As part of an Institute of Medicine project, my colleagues and I recently reviewed the literature on the effects of Ginkgo on acute mountain sickness, thus we were eager to read the recent article by Chow et al.1 The methods of the study raise some concerns and bring to the fore several recurring issues in research on natural products.2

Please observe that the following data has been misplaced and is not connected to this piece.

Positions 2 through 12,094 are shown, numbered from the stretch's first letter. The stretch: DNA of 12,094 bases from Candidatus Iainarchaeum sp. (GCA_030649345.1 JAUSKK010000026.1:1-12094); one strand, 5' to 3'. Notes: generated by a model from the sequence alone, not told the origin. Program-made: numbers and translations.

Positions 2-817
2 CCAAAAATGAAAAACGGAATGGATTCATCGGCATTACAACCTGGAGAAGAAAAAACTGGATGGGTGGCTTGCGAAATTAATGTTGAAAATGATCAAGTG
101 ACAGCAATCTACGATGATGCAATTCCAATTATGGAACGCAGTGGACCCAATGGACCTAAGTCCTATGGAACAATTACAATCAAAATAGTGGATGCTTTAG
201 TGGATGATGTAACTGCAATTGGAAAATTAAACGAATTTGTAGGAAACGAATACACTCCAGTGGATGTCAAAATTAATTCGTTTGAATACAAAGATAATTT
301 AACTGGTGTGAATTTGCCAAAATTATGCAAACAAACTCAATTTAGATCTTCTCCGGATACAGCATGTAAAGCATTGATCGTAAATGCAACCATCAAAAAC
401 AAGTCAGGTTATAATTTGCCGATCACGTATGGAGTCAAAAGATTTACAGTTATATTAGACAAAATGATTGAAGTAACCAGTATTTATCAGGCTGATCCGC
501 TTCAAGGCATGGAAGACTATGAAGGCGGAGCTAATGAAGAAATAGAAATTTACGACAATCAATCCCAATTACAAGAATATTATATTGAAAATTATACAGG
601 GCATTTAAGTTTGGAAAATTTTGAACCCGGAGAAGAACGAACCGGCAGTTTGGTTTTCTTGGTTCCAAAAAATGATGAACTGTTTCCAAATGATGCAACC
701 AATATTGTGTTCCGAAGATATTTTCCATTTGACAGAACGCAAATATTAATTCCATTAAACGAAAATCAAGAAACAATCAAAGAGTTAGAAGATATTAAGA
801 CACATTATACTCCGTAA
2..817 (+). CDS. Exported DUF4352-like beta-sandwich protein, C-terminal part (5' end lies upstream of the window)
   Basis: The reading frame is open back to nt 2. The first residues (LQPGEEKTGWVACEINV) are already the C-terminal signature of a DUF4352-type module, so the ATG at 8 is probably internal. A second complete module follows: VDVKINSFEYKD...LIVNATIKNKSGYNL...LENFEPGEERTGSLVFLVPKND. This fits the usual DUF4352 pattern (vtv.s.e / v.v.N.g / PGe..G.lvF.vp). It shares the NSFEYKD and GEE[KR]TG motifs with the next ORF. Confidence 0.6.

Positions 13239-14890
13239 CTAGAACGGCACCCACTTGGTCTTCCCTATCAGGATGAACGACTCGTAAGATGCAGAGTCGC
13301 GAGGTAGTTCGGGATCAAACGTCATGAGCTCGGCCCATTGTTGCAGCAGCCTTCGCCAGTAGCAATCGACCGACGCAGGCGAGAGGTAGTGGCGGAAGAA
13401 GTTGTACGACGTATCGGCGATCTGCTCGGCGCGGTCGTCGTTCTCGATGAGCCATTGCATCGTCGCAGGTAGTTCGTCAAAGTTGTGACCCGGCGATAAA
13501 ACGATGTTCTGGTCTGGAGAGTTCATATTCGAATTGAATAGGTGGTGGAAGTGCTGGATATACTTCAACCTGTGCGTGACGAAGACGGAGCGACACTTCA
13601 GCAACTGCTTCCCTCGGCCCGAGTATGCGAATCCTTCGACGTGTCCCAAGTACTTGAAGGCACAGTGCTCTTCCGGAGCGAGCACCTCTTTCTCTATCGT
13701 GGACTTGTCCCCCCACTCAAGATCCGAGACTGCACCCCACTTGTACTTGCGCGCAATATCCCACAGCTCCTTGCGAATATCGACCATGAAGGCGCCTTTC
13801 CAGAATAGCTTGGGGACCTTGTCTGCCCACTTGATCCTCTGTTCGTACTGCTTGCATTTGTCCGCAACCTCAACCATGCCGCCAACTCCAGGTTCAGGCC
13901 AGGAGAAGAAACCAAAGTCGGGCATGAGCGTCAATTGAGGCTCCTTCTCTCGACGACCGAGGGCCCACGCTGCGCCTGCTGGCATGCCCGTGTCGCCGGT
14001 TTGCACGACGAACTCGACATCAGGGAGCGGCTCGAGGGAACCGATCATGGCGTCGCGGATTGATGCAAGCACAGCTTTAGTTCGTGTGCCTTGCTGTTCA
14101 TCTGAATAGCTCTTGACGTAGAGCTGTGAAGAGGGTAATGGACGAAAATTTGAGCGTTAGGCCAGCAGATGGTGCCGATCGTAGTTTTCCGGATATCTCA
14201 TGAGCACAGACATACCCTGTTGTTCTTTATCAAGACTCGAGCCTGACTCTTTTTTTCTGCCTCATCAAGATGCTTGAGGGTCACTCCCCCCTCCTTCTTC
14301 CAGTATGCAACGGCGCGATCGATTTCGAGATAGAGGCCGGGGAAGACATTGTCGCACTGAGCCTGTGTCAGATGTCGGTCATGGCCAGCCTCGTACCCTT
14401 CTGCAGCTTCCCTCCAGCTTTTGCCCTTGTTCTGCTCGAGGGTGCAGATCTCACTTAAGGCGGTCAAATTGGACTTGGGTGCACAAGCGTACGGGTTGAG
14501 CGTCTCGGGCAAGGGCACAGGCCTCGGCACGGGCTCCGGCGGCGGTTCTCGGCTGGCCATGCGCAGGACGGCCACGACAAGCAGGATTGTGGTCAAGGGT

Botanical products are complex mixtures that originate from biological sources. Such products and their ingredients are invariably “irregular” because their chemical composition depends on factors such as geographical origin, weather, and harvesting practices, while finished products frequently contain multiple botanical ingredients.3 Analytical challenges in botanical quality assurance range from establishing the botanical identity of the material used in the study to measuring the amount of 1 or more desirable or undesirable constituents, such as natural toxins, marker compounds, pesticides, toxic elements, or undeclared synthetic drugs.
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